A Sign Of Things To Come? D.C. Bans Employee Non-Competes That Apply To Current Employees And To Post-Employment ActivityOn March 5, 2021 by Schnader in Labor and Employment
UPDATE (4-5-21): The D.C. law is “effective” as of March 21, 2021 but will not be “applicable” until the Fall of 2021. Here are the details: There has been confusion over when compliance with the new D.C. law will be required. The uncertainty is caused by the presence of both the terms “effective date” and “applicability date” in the new law without explaining their meanings. The “effective date” is the date the bill became law under the terms of the District’s home rule law – a process explained in this article. The new Act became “effective” on March 21, 2021. The “applicability date” is different, however. The Act states in Section 302 that it will not become applicable until “the date of inclusion of its fiscal effect in an approved budget and financial plan” for the District – a requirement imposed by another D.C. law. Because the financial impact of the new law was not included in the budget and financial plan approved last year, it is not yet applicable but will satisfy that requirement in the Fall of 2021. It is the applicability date that will trigger compliance obligations for D.C. employers.
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Scott J. Wenner published a client alert, “A Sign Of Things To Come? D.C. Bans Employee Non-Competes That Apply To Current Employees And To Post-Employment Activity.”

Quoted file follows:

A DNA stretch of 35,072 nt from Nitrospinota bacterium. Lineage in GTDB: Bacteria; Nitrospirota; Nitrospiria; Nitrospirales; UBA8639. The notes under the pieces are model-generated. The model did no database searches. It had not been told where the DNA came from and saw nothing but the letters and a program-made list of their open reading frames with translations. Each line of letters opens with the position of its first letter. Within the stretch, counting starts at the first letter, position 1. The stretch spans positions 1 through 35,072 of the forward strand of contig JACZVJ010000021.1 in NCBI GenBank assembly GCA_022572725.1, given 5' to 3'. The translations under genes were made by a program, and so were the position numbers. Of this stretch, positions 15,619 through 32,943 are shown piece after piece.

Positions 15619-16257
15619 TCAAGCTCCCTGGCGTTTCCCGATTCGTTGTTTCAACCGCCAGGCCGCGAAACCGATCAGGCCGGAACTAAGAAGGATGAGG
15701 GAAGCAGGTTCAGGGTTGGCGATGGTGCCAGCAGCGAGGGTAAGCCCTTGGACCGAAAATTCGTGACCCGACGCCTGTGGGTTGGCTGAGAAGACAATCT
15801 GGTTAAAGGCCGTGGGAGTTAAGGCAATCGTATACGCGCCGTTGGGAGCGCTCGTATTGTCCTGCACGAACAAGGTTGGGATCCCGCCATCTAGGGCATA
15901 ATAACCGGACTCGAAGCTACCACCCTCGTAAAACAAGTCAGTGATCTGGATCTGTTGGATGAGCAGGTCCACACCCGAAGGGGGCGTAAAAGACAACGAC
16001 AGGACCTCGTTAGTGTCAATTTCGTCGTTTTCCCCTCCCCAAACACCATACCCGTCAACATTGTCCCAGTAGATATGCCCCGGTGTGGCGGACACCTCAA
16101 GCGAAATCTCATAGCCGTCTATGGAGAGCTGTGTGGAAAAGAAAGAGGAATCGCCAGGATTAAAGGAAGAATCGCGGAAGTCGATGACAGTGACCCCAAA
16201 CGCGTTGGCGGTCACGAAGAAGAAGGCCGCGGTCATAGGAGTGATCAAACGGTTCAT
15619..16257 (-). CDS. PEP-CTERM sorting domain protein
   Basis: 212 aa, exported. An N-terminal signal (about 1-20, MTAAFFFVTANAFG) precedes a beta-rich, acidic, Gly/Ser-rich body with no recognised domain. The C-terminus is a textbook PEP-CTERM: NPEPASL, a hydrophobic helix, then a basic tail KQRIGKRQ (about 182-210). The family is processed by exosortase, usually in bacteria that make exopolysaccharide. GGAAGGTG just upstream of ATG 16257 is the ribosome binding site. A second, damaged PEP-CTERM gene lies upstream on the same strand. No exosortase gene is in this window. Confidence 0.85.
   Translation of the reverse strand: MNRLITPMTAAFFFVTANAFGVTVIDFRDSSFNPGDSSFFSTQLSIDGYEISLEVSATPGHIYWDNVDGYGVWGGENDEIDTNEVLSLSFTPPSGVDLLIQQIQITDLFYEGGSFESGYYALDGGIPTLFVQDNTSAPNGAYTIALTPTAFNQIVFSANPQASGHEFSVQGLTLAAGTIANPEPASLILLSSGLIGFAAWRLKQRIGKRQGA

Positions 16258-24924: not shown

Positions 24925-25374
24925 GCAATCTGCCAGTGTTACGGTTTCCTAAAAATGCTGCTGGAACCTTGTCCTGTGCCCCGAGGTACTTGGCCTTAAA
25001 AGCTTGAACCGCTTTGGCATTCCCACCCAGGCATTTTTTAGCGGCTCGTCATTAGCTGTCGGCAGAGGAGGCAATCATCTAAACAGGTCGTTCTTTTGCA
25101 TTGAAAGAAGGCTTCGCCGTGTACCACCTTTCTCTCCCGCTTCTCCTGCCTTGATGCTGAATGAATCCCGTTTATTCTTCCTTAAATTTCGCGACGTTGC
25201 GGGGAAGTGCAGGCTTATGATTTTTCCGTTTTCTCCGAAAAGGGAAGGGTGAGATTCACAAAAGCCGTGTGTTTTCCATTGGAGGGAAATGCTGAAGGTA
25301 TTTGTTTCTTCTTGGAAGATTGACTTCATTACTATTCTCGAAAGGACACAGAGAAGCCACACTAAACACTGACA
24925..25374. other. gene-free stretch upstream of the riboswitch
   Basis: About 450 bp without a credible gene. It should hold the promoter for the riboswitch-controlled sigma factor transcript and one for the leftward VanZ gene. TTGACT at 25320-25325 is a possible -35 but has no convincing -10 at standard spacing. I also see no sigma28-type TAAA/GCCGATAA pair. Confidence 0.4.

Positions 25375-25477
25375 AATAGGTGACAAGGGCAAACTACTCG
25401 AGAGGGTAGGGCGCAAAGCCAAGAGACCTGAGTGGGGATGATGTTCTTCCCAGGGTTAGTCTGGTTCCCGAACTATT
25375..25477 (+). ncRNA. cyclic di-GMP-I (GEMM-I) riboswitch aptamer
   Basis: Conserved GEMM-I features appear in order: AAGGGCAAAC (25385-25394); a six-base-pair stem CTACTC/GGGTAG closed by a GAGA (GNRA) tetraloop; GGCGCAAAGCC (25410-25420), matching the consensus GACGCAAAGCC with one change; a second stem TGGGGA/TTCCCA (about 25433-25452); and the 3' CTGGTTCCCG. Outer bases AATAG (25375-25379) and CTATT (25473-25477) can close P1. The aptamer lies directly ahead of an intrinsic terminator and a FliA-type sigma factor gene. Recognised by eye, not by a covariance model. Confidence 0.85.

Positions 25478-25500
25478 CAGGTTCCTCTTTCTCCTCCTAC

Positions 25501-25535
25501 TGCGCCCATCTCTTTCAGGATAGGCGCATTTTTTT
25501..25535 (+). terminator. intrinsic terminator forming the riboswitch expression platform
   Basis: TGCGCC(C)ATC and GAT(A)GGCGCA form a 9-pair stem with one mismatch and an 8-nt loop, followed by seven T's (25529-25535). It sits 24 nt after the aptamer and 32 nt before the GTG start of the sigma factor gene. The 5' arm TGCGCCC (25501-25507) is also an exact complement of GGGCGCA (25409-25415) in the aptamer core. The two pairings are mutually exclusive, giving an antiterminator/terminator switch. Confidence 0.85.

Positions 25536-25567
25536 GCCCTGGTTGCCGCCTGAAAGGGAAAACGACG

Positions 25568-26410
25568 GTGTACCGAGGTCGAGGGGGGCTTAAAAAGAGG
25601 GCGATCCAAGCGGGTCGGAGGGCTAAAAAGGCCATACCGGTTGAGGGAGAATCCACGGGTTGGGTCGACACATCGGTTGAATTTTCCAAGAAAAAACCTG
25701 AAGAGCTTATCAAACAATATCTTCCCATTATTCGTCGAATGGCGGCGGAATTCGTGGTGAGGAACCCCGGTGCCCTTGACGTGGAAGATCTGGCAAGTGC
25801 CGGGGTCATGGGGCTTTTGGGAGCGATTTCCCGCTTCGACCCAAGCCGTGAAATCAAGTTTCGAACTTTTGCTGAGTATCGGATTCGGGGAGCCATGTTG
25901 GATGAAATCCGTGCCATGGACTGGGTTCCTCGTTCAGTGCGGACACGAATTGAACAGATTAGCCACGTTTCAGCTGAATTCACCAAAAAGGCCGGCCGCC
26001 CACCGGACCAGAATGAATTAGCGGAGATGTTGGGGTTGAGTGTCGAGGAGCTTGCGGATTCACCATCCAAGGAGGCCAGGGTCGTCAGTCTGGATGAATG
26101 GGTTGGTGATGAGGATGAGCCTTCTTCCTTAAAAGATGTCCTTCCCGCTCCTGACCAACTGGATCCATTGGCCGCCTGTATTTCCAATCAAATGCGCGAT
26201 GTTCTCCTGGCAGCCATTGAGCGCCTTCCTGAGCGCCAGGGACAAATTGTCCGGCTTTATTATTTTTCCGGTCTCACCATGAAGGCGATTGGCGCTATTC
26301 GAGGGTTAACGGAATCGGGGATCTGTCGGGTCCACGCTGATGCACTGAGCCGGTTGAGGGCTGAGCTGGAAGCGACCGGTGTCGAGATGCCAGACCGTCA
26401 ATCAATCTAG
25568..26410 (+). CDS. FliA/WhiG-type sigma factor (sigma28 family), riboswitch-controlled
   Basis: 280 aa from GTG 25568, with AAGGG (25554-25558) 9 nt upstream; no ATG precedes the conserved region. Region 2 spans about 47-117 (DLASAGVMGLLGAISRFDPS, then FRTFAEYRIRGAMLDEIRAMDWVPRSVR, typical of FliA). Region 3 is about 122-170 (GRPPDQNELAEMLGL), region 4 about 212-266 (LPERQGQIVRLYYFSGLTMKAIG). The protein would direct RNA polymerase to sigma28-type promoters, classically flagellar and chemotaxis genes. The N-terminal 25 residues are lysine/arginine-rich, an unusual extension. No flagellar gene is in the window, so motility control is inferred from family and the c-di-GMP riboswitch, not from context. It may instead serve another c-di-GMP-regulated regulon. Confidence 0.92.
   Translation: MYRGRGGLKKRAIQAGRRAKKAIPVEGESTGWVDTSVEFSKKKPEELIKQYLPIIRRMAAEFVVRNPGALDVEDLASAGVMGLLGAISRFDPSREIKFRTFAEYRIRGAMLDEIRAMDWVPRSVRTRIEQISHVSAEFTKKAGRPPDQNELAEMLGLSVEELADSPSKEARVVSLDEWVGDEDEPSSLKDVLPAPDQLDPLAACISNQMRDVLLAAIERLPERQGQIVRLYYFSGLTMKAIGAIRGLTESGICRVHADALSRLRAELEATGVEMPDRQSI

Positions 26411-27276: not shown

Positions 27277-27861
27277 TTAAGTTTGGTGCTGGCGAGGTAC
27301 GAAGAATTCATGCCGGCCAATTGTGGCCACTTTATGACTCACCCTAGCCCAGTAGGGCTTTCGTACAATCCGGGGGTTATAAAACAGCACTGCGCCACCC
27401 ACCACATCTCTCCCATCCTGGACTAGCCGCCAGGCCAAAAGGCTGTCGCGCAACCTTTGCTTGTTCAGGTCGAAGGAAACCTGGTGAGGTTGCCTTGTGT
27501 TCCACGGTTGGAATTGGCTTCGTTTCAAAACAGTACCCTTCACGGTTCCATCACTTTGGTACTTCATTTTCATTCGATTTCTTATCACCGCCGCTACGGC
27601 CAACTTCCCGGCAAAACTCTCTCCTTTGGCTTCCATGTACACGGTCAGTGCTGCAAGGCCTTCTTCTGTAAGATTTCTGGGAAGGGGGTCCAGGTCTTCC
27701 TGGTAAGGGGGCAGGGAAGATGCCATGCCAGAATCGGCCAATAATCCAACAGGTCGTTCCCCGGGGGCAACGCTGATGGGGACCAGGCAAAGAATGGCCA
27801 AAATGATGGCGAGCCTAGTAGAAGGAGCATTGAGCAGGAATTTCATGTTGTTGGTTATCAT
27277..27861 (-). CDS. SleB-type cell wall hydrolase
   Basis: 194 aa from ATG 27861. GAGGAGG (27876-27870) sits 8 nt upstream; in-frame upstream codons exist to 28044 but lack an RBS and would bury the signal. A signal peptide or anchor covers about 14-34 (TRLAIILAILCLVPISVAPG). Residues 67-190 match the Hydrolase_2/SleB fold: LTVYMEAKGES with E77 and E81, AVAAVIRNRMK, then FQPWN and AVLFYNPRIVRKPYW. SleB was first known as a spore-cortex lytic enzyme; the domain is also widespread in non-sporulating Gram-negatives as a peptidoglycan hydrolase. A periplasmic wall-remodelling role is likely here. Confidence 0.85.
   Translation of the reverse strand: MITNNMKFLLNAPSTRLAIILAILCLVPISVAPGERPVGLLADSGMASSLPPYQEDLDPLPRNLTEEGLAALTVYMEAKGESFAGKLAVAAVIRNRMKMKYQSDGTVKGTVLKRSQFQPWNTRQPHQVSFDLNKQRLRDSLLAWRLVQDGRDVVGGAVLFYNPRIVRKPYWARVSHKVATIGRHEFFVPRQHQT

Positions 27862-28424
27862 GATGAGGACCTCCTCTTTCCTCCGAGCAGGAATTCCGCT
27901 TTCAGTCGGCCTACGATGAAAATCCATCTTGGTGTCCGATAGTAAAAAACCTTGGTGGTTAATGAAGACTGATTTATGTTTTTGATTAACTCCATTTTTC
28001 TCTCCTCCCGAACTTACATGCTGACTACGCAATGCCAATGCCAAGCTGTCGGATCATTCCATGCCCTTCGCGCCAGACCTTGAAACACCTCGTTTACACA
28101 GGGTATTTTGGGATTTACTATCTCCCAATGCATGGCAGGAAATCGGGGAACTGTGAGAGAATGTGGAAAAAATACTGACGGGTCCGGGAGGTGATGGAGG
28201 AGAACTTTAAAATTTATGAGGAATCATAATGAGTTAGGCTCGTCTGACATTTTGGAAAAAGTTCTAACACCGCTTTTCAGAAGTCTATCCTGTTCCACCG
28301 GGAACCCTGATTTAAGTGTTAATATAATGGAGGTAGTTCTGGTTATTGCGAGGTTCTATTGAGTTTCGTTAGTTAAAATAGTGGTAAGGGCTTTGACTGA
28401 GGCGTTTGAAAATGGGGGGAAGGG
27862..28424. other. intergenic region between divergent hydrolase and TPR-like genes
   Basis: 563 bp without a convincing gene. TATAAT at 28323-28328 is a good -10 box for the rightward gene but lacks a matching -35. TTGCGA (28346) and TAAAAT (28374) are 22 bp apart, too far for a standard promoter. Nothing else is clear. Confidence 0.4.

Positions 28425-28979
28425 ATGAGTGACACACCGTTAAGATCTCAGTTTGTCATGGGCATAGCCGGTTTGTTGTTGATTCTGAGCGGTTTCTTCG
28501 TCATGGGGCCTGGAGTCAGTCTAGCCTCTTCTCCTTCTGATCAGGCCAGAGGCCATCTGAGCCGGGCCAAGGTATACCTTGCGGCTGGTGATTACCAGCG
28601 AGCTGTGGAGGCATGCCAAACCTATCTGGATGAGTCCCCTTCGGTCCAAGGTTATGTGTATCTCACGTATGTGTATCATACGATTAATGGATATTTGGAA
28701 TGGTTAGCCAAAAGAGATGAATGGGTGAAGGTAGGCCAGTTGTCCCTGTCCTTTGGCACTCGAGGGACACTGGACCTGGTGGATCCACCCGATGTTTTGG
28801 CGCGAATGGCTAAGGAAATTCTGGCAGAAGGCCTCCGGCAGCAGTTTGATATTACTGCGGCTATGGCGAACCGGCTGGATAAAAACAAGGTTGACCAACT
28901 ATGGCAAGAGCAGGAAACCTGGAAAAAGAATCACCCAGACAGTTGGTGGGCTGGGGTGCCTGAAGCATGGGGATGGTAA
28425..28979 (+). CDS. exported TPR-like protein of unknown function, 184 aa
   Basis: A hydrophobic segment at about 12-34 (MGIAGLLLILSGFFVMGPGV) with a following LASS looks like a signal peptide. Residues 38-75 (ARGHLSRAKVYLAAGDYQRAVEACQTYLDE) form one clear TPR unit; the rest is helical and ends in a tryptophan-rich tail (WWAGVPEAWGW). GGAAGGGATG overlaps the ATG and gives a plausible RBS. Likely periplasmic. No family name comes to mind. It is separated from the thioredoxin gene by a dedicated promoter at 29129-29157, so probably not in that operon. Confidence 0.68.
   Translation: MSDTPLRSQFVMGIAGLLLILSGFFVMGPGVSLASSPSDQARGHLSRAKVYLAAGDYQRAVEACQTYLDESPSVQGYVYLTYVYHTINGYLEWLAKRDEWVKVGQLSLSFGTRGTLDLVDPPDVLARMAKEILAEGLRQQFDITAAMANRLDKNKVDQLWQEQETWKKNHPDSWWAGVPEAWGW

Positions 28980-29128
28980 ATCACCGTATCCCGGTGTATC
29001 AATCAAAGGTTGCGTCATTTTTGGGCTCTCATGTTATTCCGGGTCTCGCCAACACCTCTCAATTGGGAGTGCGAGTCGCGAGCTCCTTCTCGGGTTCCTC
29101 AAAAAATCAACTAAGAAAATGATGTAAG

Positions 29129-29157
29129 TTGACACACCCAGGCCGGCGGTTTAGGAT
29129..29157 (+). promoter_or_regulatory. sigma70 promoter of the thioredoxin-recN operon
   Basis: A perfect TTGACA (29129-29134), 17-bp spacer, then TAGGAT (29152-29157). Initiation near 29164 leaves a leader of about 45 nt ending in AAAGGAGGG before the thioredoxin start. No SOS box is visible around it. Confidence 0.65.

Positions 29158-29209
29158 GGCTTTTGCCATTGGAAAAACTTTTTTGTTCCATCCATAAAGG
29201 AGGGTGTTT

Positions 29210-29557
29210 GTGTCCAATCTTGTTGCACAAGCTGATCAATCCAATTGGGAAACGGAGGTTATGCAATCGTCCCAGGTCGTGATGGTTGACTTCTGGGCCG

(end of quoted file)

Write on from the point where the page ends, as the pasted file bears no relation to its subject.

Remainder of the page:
The District of Columbia Council unanimously passed, and on January 11 Mayor Bowser signed, The Ban on Non-Compete Agreements Amendment Act of 2020 — the most aggressive prohibition against non-competition agreements in the country. When effective, the new law, which will apply to all employers with employees in the nation’s capital, will completely bar, with few exceptions, both post-employment covenants not to compete and non-competes that apply to current employees.
The new D.C. law is probably indicative of a wave of even broader restrictions in the near future. Whether in the form of forthcoming administrative or legislative action, it seems likely that non-competition agreements may be subjected to federal regulation and perhaps largely banned or severely restricted nationwide.
While employers will have to adjust to this new reality should it come to pass, a combination of well drafted non-disclosure and non-solicitation policies should offer necessary protection for legitimate business interests.